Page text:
She’s an incorrigible gambler, an incessant drinker, a perpetual presence in local parties, a lover of fine clothes and gossips. She sounds like a typical college girl of the 21st century, except that she lived almost exactly one thousand years ago. Yes, it is true that history repeats itself and the same kind of women come back to haunt the world in regular cycles.
Her gambling was almost a legend, which was immortalized in her poems. In those days in the vast plain of Asia, not yet ravaged by the invading army of Mongolians, gambling was not considered a sin; ruining one’s own finances was not immoral. Modern virtues were not observed then and there, no matter how much we like to view our ancestors through our own ethical lens.
When the Jurchen Jin invaded and occupied her hometown, she fled south and lost her properties, belongings, books, and her beloved husband. Thank goodness she enjoyed herself before this point. Otherwise she would have regretted.
She became the target of an unscrupulous man who won her heart. When she realized her mistake, it was too late and she’s already married. She brought her husband to court, accusing him of cheating his way to gain her affection while his true purpose was possessing the rare books and the remaining properties she brought south with her. It’s true that her new husband had been selling those rare books without her knowledge in exchange for money. The court was thrown into a dilemma. According to the local law at the time, her accusations would result in an annulment of the marriage, like what Rachael and Ross tried to do in “Friends”. However it was against the law for a woman to sue her husband. As a woman of spirit and courage, also as a true gambler, she’s undaunted and bravely went ahead with her lawsuit. The result was that the marriage was annulled accordingly, she regained her rare books, and the court sentenced her to six years of imprisonment. Her husband was not penalized in anyway, except he ceased to be her husband and couldn’t have access to the rare books anymore.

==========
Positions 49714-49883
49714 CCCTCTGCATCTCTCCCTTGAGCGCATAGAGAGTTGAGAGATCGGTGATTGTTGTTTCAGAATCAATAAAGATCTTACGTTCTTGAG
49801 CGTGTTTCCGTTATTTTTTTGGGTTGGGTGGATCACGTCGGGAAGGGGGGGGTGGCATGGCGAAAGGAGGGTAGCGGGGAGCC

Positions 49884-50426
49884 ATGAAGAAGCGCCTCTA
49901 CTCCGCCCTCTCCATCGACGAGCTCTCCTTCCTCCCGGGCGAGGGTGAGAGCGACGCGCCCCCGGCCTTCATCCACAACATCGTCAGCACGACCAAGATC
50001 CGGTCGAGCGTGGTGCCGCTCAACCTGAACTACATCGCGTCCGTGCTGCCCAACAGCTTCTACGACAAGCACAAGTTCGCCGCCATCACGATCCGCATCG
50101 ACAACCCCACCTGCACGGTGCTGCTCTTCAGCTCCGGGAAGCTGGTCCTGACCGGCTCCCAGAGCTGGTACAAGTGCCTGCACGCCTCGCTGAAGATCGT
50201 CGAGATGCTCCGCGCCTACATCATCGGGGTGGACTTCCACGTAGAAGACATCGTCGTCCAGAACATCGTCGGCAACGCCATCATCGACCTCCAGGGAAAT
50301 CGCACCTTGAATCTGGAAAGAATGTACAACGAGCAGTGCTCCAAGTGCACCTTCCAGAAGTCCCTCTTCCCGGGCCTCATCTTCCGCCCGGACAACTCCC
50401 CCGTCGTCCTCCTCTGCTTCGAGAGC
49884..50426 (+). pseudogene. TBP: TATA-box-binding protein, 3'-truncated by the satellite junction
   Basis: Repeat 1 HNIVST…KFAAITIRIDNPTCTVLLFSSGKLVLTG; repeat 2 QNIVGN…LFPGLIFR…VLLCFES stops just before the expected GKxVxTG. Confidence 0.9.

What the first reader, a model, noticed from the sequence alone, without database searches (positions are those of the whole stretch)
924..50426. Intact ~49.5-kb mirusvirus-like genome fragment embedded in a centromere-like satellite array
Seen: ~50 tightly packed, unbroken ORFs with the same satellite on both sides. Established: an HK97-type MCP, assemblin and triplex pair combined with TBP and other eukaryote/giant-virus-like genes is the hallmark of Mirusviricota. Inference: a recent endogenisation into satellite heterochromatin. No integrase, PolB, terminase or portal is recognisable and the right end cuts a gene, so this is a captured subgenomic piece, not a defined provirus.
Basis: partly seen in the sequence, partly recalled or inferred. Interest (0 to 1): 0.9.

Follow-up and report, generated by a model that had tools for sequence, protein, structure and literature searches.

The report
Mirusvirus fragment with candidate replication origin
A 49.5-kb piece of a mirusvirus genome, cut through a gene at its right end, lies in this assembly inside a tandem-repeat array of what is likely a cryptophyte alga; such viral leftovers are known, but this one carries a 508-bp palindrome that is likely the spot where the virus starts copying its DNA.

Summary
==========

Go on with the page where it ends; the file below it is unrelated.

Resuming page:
Several months later, the judge, who was an old friend of her family, managed to help her regain her freedom. The series of family and personal tragedies threw her into an emotional turmoil so severe that she couldn’t live without expressing herself in her poems. Before this point, she’s a mediocre poet and her fun loving poems are mostly cliche word plays; after this point, she became truly brilliant.
She is Li Qingzhao. I think about her whenever I read Edna St. Vincent Millay. Something weirdly similar. Can I say “uninhibited”? “I shall not mock my truth”–both of their poems scream out so loudly that it is deafening.
This is non-fiction. All the information in this post is made as accurate as possible according to historical records.